The problem is that too many countries failed to regulate during the boom and instead let capital flows storm into their countries to bloat balance sheets and currency values. They are left with increasing debt as currencies slide, and not enough competitiveness to benefit from currency depreciation. The result could be more financial instability that could further threaten prospects for growth and employment.

Emerging-market and developing countries may need to resort to regulating the outflow of capital alongside these other measures. Such moves have traditionally been shunned by international institutions and capital markets alike.

New research on the cutting edge of economics and by the IMF now justifies the regulation of capital outflows to prevent or mitigate a full-blown crisis. The IMF was bold in recommending the regulation of inflows during the surge, but has shied from noting the utility of regulating capital in flight. Worse, new U.S. trade agreements such as the Trans-Pacific Partnership have stripped out balance-of-payment exceptions that would have allowed nations to regulate capital.

If we have learned anything from the global financial crisis it is that nations need as many tools at their disposal to prevent and mitigate financial instability. Instability anywhere can lead to instability everywhere so let’s make sure all tools and hands are on deck.

Brazil’s Economy Seen in a Major Downturn – time to look beyond the BRICS?

Although so-called BRICS have still have massive expansion potential, entering those countries today is fraught with additional risk and the rewards for direct investors may be more elusive than ever.

Over the last 12 months the Broad Street Capital Group and Fluent In Foreign Business, have guided their clients to expand into a number of attractive new smaller emerging markets. So far the predictions have been dead on and we still continue to maintain that for those seeking interesting international opportunities, it’s time to look at the next wave of emerging smaller markets around the globe.

New Data Suggest Growth Weakened Over Past Two Quarters

Brazilian President Dilma Rousseff giving a speech on Monday Agence France-Presse/Getty Images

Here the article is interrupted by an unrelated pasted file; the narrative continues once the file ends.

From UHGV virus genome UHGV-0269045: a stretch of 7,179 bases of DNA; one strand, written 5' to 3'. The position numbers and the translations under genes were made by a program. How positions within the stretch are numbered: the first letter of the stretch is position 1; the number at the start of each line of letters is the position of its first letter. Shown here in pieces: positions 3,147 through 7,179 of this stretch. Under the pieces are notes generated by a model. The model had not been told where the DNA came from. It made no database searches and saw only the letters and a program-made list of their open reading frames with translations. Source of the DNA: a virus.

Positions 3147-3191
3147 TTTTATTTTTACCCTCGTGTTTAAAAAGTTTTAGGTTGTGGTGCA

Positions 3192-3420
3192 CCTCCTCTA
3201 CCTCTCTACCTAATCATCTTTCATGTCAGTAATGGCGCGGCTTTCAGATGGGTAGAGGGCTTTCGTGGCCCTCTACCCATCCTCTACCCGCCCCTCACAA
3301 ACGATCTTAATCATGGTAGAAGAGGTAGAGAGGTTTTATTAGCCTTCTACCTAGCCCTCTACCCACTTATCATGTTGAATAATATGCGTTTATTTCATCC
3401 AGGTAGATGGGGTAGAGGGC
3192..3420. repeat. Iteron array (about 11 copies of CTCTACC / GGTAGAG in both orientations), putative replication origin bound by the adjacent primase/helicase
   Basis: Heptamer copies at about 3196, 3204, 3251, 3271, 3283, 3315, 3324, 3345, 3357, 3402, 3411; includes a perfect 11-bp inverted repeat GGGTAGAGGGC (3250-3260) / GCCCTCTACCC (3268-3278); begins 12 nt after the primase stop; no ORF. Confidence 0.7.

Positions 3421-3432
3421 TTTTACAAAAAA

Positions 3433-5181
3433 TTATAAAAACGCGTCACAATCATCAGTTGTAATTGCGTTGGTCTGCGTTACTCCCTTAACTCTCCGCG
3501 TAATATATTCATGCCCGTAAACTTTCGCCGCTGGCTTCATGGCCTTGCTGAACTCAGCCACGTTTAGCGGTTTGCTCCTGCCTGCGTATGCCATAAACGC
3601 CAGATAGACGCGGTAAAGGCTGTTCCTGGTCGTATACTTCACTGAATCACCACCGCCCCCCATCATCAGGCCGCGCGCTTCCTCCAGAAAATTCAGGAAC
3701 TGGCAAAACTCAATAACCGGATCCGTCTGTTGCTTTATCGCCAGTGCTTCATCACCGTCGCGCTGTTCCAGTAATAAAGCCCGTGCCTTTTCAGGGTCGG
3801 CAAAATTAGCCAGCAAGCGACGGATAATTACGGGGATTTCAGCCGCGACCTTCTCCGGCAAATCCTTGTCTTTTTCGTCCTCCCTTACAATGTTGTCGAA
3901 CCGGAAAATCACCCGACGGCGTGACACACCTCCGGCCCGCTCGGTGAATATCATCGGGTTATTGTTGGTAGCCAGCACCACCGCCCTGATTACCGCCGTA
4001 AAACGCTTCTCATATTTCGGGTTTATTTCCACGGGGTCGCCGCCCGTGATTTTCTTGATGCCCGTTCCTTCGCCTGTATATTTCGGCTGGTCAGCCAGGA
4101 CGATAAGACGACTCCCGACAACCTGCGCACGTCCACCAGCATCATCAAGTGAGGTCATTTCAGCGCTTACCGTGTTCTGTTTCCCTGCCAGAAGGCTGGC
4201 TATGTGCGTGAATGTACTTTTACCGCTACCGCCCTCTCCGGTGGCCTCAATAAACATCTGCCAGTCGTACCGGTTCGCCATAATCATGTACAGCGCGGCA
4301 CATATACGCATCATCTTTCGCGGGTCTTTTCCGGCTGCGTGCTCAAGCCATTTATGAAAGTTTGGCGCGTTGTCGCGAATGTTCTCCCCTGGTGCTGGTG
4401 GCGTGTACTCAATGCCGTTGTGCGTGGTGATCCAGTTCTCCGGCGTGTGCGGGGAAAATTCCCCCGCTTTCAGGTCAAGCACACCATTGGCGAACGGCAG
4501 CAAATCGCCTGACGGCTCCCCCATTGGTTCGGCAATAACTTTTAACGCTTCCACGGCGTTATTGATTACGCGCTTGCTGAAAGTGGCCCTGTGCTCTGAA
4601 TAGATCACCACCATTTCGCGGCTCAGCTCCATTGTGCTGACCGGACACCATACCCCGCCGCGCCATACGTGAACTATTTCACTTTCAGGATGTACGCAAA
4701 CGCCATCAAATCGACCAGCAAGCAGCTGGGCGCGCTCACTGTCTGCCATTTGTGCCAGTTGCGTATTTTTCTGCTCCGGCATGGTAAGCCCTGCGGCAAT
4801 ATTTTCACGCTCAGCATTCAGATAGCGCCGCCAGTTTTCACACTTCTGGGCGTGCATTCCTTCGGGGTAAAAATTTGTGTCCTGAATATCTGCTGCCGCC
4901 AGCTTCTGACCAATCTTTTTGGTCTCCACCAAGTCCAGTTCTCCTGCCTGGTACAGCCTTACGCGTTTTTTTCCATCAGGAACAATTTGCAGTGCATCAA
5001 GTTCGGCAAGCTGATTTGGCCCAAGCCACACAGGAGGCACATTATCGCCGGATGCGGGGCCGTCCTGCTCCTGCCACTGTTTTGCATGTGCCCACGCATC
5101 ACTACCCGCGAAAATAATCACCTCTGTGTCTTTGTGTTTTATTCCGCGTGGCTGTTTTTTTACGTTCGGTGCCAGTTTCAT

Brazilian data released Friday suggest economic growth has weakened over the past two quarters, illustrating how far a country once considered the darling of emerging-market investors has fallen.

The central bank’s economic activity index fell 1.35% in December from November, dented by a drop in industrial production and weak retail sales. Economists say the data mean the government is likely to declare that economic growth declined in the year’s last quarter after contracting 0.5% in the third period, suggesting the country had entered a technical recession.

Although preliminary data suggest the economy will grow again in the first quarter, a dip into a recession would be a major turnaround for an economy that grew 7.5% in 2010. As China’s growth has slowed and prices for commodities like the soy and iron ore that Brazil exports have cooled down, the country has found itself without an external engine for its economy.

Brazil’s economic performance today is a far cry from its emerging-market peers China and India, which are still growing strongly despite their slowdowns. The collective cooling of the markets has been an unexpected setback for many, particularly consumer companies that invested heavily in these countries in recent years, relying on them as a cushion as demand slowed in developed markets.

 Economists now expect Brazil’s economy to grow as little as 1.5% this year, less than the 2.3% estimated growth for 2013.

The contraction comes as President Dilma Rousseff gears up for a re-election year amid challenging economic conditions at home and abroad. Mass street protests over rising prices and poor public services racked the country in June and have continued on a smaller scale in the largest cities as the country is struggling with preparations to host the soccer World Cup this year.

“My company laid off 12 people last month. We’re almost closing our doors. A lot of stores here have already closed because people can’t make rent,” said Angela Marques, 39, manager of an electronics wholesaler in downtown Rio de Janeiro. She isn’t hopeful that the World Cup will turn things around.

Ms. Rousseff’s popularity has rebounded after falling sharply during the protests, which were sparked by a decision to raise bus fares. But the slowdown adds pressure on her administration, which won popularity by continuing her predecessor’s policies, including expanding social welfare and granting billions of dollars in loans through government banks, fueling consumption.

Consumption remains a growth driver, but even so, retail sales grew only 4% in 2013 from 2012. That is the worst performance since 2003, leading economists to believe Brazil will no longer be able to depend on consumption to drive growth.